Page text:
As anyone might notice from our own limited successes, Iraq is not an easily or readily controlled country. It has an extensive border, much of it in difficult terrain that is not easily or frequently patrolled. If our forces find it difficult to prevent smuggling and movement in and out of Iraq, as the “bomb Syria” crowd continually tell us they do, why do we believe that Hussein had any better luck in controlling the movements of people in his country? As usual, the Standard confuses despotism with strength (perhaps because they have a sneaky regard for authoritarian leadership?), when despots act despotically precisely because their regime is narrow, weak and ineffective. Full-on totalitarian states with real control over the lives of the entire population are rare and require an administrative and police apparatus far more extensive and sophisticated than Iraq ever possessed. Tin-pot dictators may aspire to be Stalin, but this does not make them as powerful as Stalin, and we should not assume that they control their society very much at all, much less that they control it to the extent that they would like to believe. Perhaps the CIA was unsuccessful in cultivating human intelligence resources in Iraq for the same reason it has difficulty cultivating them anywhere. Perhaps the CIA is not very competent in this area. More likely, Hussein would have been very keen to find American agents inside his country, while he would have less interest and incentive in keeping track of random Islamists who, in turn, had relatively little reason to cause him any trouble at present.

At the time when the claims of a connection were being made in 2002-03, those claims were wrong at best and dishonest at worst. In the same way we might bring together quite a lot more reliable evidence of direct, extensive support for the Taliban and al-Qaeda coming from Pakistan’s ISI agency in the past, as well as perhaps in the present (for that matter, we could show extensive support for the Taliban coming from our government in years past), but that would not necessarily prove that this support had to continue after September 11. That it probably has continued in Pakistan’s case is a prime example of a real threat that has been deliberately and studiously ignored to build up the nonexistent threat of the Iraqi “relationship” with al-Qaeda.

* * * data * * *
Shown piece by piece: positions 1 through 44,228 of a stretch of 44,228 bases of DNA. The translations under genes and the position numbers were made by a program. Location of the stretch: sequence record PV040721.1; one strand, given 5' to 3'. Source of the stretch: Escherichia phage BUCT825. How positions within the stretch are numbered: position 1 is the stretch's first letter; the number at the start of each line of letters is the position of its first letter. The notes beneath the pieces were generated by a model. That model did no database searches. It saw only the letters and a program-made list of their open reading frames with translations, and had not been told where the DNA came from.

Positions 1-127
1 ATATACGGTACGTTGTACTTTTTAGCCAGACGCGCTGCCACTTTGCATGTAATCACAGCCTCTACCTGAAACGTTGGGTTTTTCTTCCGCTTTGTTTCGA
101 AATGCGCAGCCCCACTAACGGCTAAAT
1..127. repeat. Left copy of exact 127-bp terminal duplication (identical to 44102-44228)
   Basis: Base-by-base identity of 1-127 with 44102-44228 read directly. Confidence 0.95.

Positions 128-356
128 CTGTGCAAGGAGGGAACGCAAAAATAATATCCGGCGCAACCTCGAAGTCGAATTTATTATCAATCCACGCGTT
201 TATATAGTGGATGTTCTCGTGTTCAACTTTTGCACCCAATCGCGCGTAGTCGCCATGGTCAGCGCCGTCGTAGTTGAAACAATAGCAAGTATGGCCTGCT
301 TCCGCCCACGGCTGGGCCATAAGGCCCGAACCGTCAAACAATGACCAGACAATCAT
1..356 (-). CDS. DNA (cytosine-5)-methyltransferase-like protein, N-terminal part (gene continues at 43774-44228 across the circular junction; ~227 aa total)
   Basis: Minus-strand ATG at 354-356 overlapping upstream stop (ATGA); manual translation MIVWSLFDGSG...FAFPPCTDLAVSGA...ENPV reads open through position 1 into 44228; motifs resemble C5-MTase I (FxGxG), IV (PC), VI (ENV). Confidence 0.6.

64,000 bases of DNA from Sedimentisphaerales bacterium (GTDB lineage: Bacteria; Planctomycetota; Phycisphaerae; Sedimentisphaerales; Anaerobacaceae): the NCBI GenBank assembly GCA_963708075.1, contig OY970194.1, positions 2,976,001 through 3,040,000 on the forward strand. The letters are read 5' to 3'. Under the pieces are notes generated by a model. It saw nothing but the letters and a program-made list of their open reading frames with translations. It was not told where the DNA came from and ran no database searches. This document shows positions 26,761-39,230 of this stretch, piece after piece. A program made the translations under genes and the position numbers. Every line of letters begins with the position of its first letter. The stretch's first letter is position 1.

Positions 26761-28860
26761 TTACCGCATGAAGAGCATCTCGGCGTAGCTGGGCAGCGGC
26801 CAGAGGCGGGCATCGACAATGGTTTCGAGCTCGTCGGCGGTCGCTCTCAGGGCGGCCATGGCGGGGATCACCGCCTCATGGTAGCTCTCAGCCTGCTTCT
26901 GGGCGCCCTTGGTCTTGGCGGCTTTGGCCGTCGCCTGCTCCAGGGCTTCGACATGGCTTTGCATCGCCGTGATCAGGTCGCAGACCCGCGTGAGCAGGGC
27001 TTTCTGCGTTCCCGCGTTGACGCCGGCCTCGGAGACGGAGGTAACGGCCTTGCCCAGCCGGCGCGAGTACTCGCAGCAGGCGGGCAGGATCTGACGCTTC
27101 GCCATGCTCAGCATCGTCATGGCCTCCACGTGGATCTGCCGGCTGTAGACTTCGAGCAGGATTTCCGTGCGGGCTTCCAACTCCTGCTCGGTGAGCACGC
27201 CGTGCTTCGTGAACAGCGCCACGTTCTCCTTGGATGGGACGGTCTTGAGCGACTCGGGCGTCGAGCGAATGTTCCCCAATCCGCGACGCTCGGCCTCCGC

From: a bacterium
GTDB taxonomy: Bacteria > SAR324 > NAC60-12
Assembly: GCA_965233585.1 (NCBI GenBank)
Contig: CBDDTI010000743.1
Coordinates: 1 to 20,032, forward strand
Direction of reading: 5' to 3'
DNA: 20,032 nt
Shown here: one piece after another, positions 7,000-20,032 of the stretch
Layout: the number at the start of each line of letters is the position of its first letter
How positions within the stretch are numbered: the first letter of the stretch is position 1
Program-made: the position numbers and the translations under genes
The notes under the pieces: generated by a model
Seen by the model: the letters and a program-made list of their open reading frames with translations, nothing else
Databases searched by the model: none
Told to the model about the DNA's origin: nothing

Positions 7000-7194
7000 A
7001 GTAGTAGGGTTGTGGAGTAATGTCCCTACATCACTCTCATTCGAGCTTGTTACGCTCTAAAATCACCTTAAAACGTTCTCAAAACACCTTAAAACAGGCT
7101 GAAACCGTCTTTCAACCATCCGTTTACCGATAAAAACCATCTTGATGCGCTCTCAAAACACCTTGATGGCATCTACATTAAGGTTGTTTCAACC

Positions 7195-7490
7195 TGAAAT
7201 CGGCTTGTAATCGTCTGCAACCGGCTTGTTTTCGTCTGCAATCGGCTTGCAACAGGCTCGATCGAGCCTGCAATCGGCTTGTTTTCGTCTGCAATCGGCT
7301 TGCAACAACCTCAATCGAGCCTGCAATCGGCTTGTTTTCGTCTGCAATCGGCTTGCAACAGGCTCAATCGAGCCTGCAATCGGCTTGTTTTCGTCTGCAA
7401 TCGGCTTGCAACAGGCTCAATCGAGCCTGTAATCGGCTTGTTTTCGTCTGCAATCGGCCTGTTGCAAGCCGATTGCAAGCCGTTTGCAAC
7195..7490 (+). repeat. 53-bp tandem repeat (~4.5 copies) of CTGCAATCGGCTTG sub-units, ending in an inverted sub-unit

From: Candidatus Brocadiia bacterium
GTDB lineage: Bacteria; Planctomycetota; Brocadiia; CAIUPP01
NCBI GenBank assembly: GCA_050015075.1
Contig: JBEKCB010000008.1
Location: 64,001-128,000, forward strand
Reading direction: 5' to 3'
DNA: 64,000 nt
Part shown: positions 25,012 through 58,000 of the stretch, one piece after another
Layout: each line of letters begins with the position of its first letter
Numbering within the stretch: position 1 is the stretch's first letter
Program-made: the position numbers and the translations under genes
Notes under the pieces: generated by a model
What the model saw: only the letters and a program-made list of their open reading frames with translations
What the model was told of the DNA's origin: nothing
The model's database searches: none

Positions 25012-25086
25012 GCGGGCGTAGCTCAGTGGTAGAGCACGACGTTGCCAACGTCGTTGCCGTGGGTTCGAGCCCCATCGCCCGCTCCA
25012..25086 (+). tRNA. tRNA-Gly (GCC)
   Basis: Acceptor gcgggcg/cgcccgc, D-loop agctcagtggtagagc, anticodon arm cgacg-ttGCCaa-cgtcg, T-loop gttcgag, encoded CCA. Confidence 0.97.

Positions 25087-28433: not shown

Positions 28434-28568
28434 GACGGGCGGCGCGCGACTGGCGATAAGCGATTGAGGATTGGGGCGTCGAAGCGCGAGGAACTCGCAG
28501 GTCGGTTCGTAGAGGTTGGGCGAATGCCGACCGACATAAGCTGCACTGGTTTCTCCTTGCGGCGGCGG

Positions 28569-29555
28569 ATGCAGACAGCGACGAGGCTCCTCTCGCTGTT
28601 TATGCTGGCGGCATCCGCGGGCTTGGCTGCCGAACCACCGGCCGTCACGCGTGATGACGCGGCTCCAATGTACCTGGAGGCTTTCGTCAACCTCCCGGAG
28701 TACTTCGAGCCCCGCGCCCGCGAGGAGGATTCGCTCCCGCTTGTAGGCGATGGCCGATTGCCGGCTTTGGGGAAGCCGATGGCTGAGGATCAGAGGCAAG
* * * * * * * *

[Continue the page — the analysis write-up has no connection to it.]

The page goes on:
Certainly, by the pathetic standards of evidence being applied in this article, Pakistan has a lot more to answer for than Iraq ever has, and yet we are all apparently quite willing to pretend that Pakistan is a reliable ally. Were we of a mind we might also indict the governments of Sudan and Yemen for playing host to or tolerating al-Qaeda members in their country, except for the all-important fact that these governments changed their tunes after September 11.

We know that in the context of a decade-long confrontation with the United States, Saddam reached out to al Qaeda on numerous occasions. We know that the leadership of al Qaeda reciprocated, requesting assistance in its endeavors. We know that reports of meetings, offers of safe haven, and collaboration persisted.

What we do not know is the full extent of the relationship. But we know enough to know that there was one. And we know enough to know it was a threat.

What we do know is that this relationship was never consummated in any meaningful way. Hussein reached out at times, and bin Laden reached out at times, but it seems to have never produced anything. For all the reports of meetings and collaboration, what was the fruit of this relationship? How can connections this vague and tenuous represent a threat? Who now believes that the Iraqi government after 1991 ever really posed a serious threat to anyone outside Iraq?

The reality is that, contrary to the lies of the administration, Iraq’s government never sponsored anti-American terrorist groups. It did not train them, it did not fund them, and it did not harbour them. If Iraqi intelligence itself conceived of engaging in terrorist attacks against Western interests, that is something clearly separate. If the Hussein regime sponsored any terrorists at all (and here we must rely on the word of very biased Kurdish witnesses), they were also not members of al-Qaeda, nor did Iraq provide al-Qaeda with any facilities in which to train its members. By any reasonable standard of showing material or substantive cooperation between the two, the Standard‘s case fails yet again.